After you 'place your breast on the shelf' the robot closes its mouth and compresses your breast into what looks like a piece of boneless chicken breast . (I wonder if chicken mammograms are part of the Tyson process). I marvel at how compact my breast has become- 1 inch?

After the 'head on' bite they take angled versions, which involve moves straight out of a pilates class (minus the soothing music.) And when they finally get you in the machine's mouth at the perfect angle they make you freeze until the X-ray is done.

I asked the tech if she ever does mammograms on men and she said yes. I made a comment about how the fact that men are flat is probably a challenge, but OH NO! Size is not a challenge that tech. She can get any sized breast into that monster's mouth.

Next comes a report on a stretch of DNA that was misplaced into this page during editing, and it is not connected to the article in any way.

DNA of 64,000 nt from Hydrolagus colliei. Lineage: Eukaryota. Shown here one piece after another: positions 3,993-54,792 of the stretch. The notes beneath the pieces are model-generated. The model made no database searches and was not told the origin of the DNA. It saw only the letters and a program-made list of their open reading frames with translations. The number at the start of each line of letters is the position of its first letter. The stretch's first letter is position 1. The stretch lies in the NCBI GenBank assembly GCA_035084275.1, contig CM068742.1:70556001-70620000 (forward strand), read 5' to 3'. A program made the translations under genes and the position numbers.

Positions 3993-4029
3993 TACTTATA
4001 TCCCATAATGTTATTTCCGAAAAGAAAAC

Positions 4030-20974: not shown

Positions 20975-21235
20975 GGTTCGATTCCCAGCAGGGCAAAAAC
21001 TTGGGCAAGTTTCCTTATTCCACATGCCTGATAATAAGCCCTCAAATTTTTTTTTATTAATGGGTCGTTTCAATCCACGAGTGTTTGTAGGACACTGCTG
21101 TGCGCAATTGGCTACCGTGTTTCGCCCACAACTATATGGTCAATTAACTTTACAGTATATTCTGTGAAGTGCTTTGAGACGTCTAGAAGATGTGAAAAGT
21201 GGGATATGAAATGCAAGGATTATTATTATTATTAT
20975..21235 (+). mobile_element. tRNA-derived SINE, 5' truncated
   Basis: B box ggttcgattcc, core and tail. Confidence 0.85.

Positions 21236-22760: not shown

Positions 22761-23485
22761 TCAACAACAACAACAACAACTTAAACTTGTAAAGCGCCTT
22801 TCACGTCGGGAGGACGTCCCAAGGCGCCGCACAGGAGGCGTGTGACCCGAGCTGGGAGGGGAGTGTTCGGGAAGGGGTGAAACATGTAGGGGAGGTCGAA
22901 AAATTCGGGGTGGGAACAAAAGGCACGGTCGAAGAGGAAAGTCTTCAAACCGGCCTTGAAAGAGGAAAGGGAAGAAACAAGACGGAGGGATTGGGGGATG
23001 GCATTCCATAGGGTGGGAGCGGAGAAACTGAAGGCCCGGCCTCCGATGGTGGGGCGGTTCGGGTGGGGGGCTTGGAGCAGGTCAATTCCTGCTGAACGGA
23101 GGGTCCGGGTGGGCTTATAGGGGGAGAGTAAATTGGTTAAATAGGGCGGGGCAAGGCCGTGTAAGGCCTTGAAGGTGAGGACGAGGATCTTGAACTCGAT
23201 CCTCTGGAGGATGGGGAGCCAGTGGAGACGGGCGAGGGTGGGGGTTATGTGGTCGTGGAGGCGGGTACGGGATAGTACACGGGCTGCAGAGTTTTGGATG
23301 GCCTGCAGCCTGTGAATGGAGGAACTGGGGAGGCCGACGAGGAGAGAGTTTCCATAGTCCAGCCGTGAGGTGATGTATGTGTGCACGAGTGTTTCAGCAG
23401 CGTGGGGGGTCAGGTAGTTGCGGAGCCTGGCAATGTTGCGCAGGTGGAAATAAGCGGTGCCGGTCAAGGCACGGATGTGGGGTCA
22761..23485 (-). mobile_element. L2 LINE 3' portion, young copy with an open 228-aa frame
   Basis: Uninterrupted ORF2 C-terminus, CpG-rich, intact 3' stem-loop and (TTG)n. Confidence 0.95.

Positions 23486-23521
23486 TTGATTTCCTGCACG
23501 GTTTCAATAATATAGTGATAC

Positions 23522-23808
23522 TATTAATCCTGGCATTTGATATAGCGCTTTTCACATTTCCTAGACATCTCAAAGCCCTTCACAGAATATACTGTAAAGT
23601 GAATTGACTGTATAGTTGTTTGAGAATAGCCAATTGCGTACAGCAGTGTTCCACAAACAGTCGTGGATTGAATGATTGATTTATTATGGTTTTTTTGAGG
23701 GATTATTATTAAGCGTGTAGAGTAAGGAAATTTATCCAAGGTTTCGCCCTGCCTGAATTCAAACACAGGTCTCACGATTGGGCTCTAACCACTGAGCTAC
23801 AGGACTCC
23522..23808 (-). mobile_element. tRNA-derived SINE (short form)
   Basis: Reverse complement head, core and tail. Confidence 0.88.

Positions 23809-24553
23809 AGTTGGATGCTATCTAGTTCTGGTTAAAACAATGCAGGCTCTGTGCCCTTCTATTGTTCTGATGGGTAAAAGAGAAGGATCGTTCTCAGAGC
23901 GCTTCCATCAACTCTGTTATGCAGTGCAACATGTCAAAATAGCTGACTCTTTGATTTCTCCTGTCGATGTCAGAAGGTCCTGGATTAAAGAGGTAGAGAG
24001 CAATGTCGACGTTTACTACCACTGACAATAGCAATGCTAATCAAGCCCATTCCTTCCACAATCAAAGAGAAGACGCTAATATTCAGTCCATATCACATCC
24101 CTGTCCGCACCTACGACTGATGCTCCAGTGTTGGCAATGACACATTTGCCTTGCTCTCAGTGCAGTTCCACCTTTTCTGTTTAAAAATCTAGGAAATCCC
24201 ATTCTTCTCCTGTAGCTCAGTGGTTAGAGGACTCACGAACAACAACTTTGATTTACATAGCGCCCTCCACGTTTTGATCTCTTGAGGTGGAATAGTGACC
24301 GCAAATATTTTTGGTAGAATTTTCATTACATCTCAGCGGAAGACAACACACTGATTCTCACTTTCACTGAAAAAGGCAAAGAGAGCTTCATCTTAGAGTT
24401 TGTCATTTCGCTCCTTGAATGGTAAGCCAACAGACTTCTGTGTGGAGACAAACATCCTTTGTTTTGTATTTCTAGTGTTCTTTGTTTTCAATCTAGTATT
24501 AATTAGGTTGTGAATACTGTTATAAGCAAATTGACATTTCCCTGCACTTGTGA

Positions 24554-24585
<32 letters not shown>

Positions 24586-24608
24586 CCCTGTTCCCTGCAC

But what is a problem is chest hair. She told me about one man who just kept sliding out of the mammogram's mouth because of his hairy chest. "Thanks for that image," I said. So much for stopping for breakfast after the mammogram.

When I was finally done I thanked her and went back into the changing room.

But I had one last thought. I knocked on the door and when the tech answered I said, "Thanks for squeezing me in."

Friday, September 11, 2009

Campground Facilities

I used to love camping. (That’s past-tense.) I loved most everything about camping: putting up the tent, making the campfire, cooking hot-dogs, and sleeping outside. What I did not enjoy were the campground bathroom facilities.